Canon Stuart R. Bell writes:
IT ISN’T that the Very Revd Bertie Lewis, who died on 3 April (Gazette, 13
April), was gifted which made him exceptional; for many clergy are gifted. It
was the extent of those gifts which set him apart.
As a leader, he was inspiring, and attracted devoted loyalty. As a pastor,
he was insightful, incisive, and compassionate. As a preacher, he could hold
his congregation riveted, while piercing the heart and the conscience. As an
evangelist, he was direct and exceptionally fruitful. As a musician, he played
the organ and piano, sang, and conducted others. As one who cared for
buildings, he repaired, restored, decorated, gilded, and built in five parishes
in the St Davids diocese, besides undertaking extensive work on St Davids
Cathedral during his time there as Dean. As an administrator, he left attention
to detail as his hallmark.
There were elements of greatness in him — certainly great courage. His clear
biblical convictions led him to be a founder-member of the Evangelical
Fellowship in the Church in Wales. His policies in worship, liturgy, and lay
leadership were radical and groundbreaking. Some of what he did and said
generated criticism, but he never flinched from what he thought to be right,
and subsequent success often vindicated him. His courage was costly and painful
There was great passion in him, too. When change was happening extremely
quickly through his ministry in St Michael’s, Aberystwyth, and his preaching
was increasingly direct, he commented: "I want to have some people to greet me
when I get to heaven." He was intent on winning souls to populate heaven.
It is said of some spiritual giants that not much grows in the shadow of the
great oak tree. That was not true of Bertie Lewis. He gave plenty of
opportunity to those around him to grow, both young colleagues in training, of
whom he had a succession to nurture, and also lay people who were discovering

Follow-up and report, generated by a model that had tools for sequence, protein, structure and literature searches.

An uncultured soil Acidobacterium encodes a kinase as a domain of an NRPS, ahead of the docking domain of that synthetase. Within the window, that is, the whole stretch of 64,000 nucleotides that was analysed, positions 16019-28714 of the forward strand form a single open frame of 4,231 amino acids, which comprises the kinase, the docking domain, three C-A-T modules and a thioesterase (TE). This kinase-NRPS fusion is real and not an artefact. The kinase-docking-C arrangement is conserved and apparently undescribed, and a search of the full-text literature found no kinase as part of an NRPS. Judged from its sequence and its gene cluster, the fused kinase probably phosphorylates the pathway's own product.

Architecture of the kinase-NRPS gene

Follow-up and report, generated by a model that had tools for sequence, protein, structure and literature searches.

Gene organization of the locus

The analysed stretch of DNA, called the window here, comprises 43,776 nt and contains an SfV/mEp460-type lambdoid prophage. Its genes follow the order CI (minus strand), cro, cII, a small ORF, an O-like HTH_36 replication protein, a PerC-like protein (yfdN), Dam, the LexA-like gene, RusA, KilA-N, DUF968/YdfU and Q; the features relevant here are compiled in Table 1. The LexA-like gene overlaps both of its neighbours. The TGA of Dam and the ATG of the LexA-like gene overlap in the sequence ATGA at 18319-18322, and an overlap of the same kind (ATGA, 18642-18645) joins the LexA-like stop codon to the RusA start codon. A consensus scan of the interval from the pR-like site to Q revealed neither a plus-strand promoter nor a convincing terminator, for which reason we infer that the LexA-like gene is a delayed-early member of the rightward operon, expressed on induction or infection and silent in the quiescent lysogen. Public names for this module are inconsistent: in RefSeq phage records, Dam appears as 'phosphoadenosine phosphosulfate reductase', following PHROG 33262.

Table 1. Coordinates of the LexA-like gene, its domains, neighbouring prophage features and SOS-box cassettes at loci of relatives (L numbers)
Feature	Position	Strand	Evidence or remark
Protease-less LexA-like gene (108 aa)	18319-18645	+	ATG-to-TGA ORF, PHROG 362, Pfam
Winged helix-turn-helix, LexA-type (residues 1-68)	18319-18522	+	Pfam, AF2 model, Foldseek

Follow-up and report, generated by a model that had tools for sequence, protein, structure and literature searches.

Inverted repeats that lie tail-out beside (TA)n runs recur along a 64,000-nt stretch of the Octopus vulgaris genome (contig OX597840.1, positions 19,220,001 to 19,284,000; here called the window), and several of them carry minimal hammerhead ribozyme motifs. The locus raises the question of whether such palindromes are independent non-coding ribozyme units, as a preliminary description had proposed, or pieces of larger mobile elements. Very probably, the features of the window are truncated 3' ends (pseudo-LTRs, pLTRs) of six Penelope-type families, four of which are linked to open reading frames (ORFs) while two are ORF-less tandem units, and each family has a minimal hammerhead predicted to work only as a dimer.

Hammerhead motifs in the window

gifts and ministries that he encouraged to the full. Before the current
emphasis on collaborative ministry, he simply took seriously the "priesthood of
Two periods in his life were hugely significant. One was during his training
in Wycliffe Hall, Oxford, in the mid-1950s, when his traditional Anglican
Christianity became personal to him in a way that it had not been before.
Later, in the mid-1980s, he invited Canon Michael Green to Aberystwyth, and in
front of his eyes he saw someone being filled with the Holy Spirit and
beginning to speak in tongues.
This led him to look for and receive a deepening work of the Holy Spirit in
his own life. What had previously been occasional now became constant, and the
spiritual work in which he was engaged accelerated, and led to substantial
blessing upon him and the churches in the town.
But for Parkinson’s disease, which began to afflict him during his time as
Dean, Bertie would have received further preferment. The progress of the
disease limited his remaining ministry.
A large congregation, including four bishops and nearly 40 clergy, attended
his funeral — a testimony to the affection and admiration of the many who would
wish to pay tribute to his ministry, and to his supportive wife, Rayann.